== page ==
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Spin Training


By Jason Catanzariti, CFI

 

While on vacation in Arizona over New Year's I decided to get two things crossed off my list: the IFR written exam (passed with a 93), and my spin training endorsement. All flight instructor candidates must undergo spin training so they know what to do if a student inadvertently causes one.

So off I went to Deer Valley Airport just north of Phoenix, where there is a college of aeronautics. They agreed to let me sit in on a ground school session for spins, and then make the flight the next day. So I soon found myself in a class with four students dressed in ties and captain's epaulets, leaving me feeling distinctly underdressed.

I have never attended a formal flight school, so it was interesting to see these young students. They were very knowledgeable, and seemed to have a good deal of experience. I thought I was up on my stuff, but they showed me I have more reading to do. In any case, few if any of us had ever been in a spin. We all knew what caused one and the standard procedure for recovering, but this was going to be a new experience.

The chief instructor was running the class, and he quizzed us on several topics I used to think I knew something about. The finer points of stalls and what causes them under varying circumstances, aerodynamic conditions leading up to a stall, the effects of center of gravity on stalls, and different types of spins.

As we delved deeper into spins and recoveries I began to feel more and more nervous about the whole thing. I hadn't realized, for example, that the plane rolls inverted briefly during spin entry. I also didn't know that improper recovery techniques could lead to a "spiral mode" in which the plane comes out of the stall, but continues to turn and builds up airspeed dangerously. By the end of the ground session we all looked a bit anxious - me especially so because I was to fly first. I wondered briefly if the flight schedule was so conceived as to test things out on me prior to subjecting their students to spins.

The morning of the flight was clear and cool, and I drove out to the airport early. Chief instructor Jim met me and we went out to preflight the Cessna 152 we were to fly. We soon took off for the practice area nearby and climbed to 8000 feet. I asked to do a few power off stalls to warm up since I hadn't flown a Cessna for some time. No problem.

Then Jim explained he would demonstrate the beginning of a spin, recover before it fully developed, and that I should just keep my hands in my lap this first time. I took a breath and said I was ready.

The ground school session had let me know exactly what to expect. The night before I had done some "chair flying" to visualize what was going to happen. But there was nothing - NOTHING - that could have prepared me for that first spin.

Jim brought the throttle to idle and pulled the yoke back to initiate a stall. When the stall warning began to go off he stepped firmly on the left rudder pedal. The plane yawed a bit to the left and then...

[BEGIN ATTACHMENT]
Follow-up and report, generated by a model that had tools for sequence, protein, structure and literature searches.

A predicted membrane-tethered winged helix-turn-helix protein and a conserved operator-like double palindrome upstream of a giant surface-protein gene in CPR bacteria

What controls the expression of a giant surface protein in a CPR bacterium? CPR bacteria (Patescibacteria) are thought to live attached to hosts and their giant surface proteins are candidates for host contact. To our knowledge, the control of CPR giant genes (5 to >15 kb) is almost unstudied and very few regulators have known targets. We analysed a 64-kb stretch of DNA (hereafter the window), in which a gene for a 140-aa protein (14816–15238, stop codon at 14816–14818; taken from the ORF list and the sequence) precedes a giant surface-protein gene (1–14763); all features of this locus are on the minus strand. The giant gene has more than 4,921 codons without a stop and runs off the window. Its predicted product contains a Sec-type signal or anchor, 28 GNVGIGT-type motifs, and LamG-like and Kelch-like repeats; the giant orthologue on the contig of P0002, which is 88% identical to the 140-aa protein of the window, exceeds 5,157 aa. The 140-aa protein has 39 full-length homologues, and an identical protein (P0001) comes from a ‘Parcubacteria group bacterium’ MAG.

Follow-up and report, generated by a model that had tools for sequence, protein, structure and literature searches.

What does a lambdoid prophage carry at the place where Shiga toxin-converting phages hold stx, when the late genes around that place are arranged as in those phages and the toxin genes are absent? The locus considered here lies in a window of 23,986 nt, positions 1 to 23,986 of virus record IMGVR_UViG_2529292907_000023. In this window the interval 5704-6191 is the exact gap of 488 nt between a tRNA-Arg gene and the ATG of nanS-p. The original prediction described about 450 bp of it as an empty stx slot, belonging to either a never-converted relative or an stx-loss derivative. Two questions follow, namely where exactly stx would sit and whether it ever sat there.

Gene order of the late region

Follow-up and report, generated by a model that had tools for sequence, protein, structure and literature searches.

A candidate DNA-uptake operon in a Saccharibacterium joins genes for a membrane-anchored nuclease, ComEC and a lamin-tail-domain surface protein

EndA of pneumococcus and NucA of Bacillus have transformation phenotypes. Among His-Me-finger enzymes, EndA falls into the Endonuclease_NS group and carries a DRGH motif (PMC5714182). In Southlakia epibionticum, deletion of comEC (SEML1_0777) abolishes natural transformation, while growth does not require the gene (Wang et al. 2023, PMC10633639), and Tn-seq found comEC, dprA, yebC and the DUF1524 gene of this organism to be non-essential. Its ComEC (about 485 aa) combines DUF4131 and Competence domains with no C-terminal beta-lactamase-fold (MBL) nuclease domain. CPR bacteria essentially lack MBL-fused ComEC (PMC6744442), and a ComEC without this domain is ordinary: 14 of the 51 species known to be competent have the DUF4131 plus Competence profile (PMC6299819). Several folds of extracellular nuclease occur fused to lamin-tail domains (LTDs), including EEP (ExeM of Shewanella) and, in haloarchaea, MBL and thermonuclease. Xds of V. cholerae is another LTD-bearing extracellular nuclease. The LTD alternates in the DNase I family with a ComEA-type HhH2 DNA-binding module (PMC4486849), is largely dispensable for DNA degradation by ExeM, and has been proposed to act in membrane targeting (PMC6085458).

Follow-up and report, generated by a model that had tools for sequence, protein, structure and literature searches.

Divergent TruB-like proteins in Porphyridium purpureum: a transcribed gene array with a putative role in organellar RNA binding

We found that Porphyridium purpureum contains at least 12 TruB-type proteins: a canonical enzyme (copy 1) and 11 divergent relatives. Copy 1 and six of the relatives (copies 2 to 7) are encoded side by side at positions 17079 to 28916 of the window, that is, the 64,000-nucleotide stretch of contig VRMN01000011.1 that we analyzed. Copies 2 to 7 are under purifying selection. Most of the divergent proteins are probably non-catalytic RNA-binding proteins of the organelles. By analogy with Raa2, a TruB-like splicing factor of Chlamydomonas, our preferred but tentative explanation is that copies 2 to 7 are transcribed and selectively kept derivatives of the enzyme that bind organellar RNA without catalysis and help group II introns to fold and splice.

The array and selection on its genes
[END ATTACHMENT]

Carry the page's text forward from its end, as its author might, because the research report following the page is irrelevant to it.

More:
"Aghhhhhhhhhhhhhhh!!! Oh my God!!!"

I completely panicked as the Cessna snapped over inverted, pointed straight at the ground, and seemingly tried to throw me out the door. Jim recovered from the spin in less than one turn, while I scraped myself off the floor of the plane. He reassured me that most people reacted as I had the first time, and that we would continue at whatever pace I could take.


Computer simulated view of a spin entry

 

He then had me shadow him on the controls as we did two more entries and quick recoveries. The first time I did exactly the wrong thing and tried to pull back on the yoke further when it was time to recover. What surprised me was that I knew perfectly well what to do and couldn't make myself do it. Although you aren't pointed straight at the ground, it sure seems that way. And pushing forward on the yoke (which is the correct procedure) was a challenging act of will.

We then entered and recovered from fully developed spins to both sides. By this time I was getting queasy, which hardly ever happens to me. Finally, I had to do it myself. Jim said he would count three rotations and tell me to recover. So I pulled it into the stall, stomped on the rudder, and sort of turned off my brain as the plane went into the spin. I held the controls as they were to continue the spin, then performed the recovery on cue.

By this time I was about to vomit, so we headed back with me holding the sick-sack up to my face. I took this time to ask Jim, "So, how long does it take to get USED to that?" He laughed, and said it took a while. Then it gets to be fun.

I managed (just barely) to not vomit, and was able to fly the approach and landing. After landing my legs were rubbery, and I was no good for anything the rest of the day. Couldn't eat for a few hours either.

In the end, it was certainly a valuable experience. And I do plan to do it again to get more comfortable. I think the most disconcerting aspect was seeing such a docile airplane do something so abrupt. Being accustomed to the stable, forgiving qualities of Cessna and Piper trainers, seeing the airplane enter such an unusual flight condition so rapidly is unsettling.

But I can sort of see how it could get to be fun.

Sort of...



Epilogue: Since writing this article I have spun a number of airplanes, and have indeed learned to enjoy it. Once you do it enough times, you gain confidence that the airplane will in fact stop spinning when you take the correct actions. Also, my instructor Jim Pittman was later the subject of a funny AOPA article about his being briefly arrested after ferrying an airplane that had been erroneously reported as stolen!
















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